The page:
LADOT Wins Emmy for Powerful “Watch the Road” P.S.A.

Given how we’ve mocked LADOT’s previous Emmy Award Winning P.S.A., you might think this headline was sarcastic, but it’s not.

The above Public Service Announcement, a surprisingly graphic advertisement that delivers a powerful message that no matter who is legally "at fault" drivers need to watch the road carefully or they could end up with blood on their hands. For pedestrians, the advertisement delivers a warning to look both ways, after all they’re the ones who’s lives are literally on the line.  For drivers, a plea to drive more slowly when children are nearby.

The video starts with a warning that the video may not be suitable for minors before we hear a child introduce herself:

Hi, I’m eight years old.  In the next fifteen seconds, I’m going to get hit by a car.  Look both ways before crossing the street.  Drive with caution around kids.  Traffic safety is everyone’s responsibility.  Watch.  The.  Road.

In the moments before the Watch the Road tagline, we see the young girl who narrates the commercial chase after a ball and get slammed by a passing car.  The windshield implodes before we refocus on a gurney wheel rolling past a shoe.

Given the "cartoon violence" we’ve seen in some past P.S.A.’s, this new advertisement shows an agency willing to take a risk to prove a point.  The only complaint I have is that this P.S.A. ran in 2008 and I never heard of it until today!  Memo to LADOT, get this one up and running again!

7 thoughts on LADOT Wins Emmy for Powerful “Watch the Road” P.S.A.

  1. Pathetic!

    All this says is, “watch the road for jaywalking kids that dart out into traffic”; not that a driver can really do anything about such a situation.

    An excellent PSA would have show a distracted or speeding driver blowing through a red light or ignoring a pedestrian in a crosswalk with the same results. That is something drivers can actually prevent!

  2. They must be giving out awards just for showing up!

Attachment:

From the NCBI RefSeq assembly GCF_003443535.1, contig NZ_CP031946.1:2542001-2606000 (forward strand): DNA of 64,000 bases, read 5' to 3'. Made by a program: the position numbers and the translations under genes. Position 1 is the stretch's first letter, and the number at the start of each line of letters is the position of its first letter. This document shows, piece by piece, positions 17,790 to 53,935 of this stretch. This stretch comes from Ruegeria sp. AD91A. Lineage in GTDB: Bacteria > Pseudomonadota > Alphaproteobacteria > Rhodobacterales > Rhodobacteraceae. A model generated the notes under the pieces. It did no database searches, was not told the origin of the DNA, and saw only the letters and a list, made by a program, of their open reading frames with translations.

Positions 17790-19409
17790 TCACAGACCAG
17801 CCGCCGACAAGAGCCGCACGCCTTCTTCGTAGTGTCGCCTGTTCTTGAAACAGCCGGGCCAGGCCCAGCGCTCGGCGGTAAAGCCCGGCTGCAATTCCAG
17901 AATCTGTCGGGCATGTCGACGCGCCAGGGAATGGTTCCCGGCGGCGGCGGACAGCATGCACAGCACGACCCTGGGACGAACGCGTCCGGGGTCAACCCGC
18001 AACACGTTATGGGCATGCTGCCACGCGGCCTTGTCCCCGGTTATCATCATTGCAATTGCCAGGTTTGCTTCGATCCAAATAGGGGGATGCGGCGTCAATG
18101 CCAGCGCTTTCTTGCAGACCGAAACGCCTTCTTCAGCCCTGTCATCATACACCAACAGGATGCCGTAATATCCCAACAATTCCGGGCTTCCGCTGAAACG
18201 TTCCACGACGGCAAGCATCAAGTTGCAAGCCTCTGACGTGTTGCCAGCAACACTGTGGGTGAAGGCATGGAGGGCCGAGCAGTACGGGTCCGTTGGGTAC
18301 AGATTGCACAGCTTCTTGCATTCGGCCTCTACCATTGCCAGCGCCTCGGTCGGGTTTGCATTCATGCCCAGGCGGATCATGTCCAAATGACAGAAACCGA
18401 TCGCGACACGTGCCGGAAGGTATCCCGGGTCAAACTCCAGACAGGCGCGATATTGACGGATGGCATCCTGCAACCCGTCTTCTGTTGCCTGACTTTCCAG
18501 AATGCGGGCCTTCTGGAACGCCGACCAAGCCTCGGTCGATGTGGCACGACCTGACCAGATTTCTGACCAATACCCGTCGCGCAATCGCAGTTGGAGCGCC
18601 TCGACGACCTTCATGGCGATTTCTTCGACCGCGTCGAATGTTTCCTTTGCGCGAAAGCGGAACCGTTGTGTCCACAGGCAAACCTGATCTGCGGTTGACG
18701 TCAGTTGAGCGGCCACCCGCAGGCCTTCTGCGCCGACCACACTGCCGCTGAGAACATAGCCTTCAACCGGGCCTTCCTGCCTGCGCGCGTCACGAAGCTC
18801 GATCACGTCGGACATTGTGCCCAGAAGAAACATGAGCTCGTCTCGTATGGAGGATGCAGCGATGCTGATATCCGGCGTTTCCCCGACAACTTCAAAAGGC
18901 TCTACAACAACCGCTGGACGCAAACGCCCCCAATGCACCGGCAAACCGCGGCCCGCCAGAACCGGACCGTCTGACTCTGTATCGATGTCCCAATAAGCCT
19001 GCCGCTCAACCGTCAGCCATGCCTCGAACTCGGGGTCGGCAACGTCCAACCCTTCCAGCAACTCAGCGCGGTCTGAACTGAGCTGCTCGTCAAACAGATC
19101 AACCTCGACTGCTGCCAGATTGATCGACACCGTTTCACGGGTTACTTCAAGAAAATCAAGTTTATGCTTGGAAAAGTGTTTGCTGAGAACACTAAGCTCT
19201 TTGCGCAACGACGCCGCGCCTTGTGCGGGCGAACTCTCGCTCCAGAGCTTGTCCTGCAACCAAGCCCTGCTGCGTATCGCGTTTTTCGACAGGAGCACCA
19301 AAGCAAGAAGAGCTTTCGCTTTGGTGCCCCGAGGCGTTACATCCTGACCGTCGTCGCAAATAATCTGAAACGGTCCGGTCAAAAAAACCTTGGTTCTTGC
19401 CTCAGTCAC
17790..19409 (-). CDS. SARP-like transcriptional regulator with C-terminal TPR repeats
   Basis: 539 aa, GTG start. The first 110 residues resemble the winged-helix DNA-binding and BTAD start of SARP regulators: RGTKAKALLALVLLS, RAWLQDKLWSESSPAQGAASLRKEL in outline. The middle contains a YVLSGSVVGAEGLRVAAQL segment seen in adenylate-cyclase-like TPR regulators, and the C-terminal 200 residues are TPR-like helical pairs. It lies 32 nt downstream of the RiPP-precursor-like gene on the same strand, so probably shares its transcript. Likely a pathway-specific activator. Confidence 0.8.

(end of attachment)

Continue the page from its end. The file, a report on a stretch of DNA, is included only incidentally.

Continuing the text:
Why not point out that there is too much parking, blocking the view of motorists and of pedestrians so that they are unaware of each other.

    Why not point out that the speed of the motorist is inappropriate for a “shared street” environment. In one shot, the car is a half car length away from the little girl, in the next shot it hits her at full speed, fast enough to send her flying.

    If this motorist lives in the neighborhood, why the speed? If this motorist doesn’t live in the neighborhood and is just shooting through as a short cut, it’s at the expense of the community.

    If the target audience is children, the message is clear, but it’s not for children.

    If the target audience is motorists, the message is foggy.

    Missed opportunity!

    “Slow down and drive a speed appropriate for the environment! Anticipate children in a residential community and quit using our neighborhoods as cut-throughs to your too-big, too-far non-local home.”

  3. Gee, why am I not suprised the the “MUST MOVE MORE CARS” crowd at LADOT would spend money (they have money??) on a spot like this which, of course, blames the pedestrian.

    Like SoapBox points out above, the car is moving too fast.

    Say LADOT, why not run some of these P.S.A.’s? All it would cost would be the licensing and some editing to add in your logo. Oh, I forgot, you wouldn’t want to paint the automobile in a bad light; and none of you would have the balls.





























    http://www.metacafe.com/watch/620946/the_faster_the_speed_the_bigger_the_mess/

  4. I live right next to a park, and the LADOT’s got (1) no crosswalks and (2) high speed car traffic blasting inbetween my house and the park.

    You can blame “not looking out” only so much when it comes to traffic deaths.

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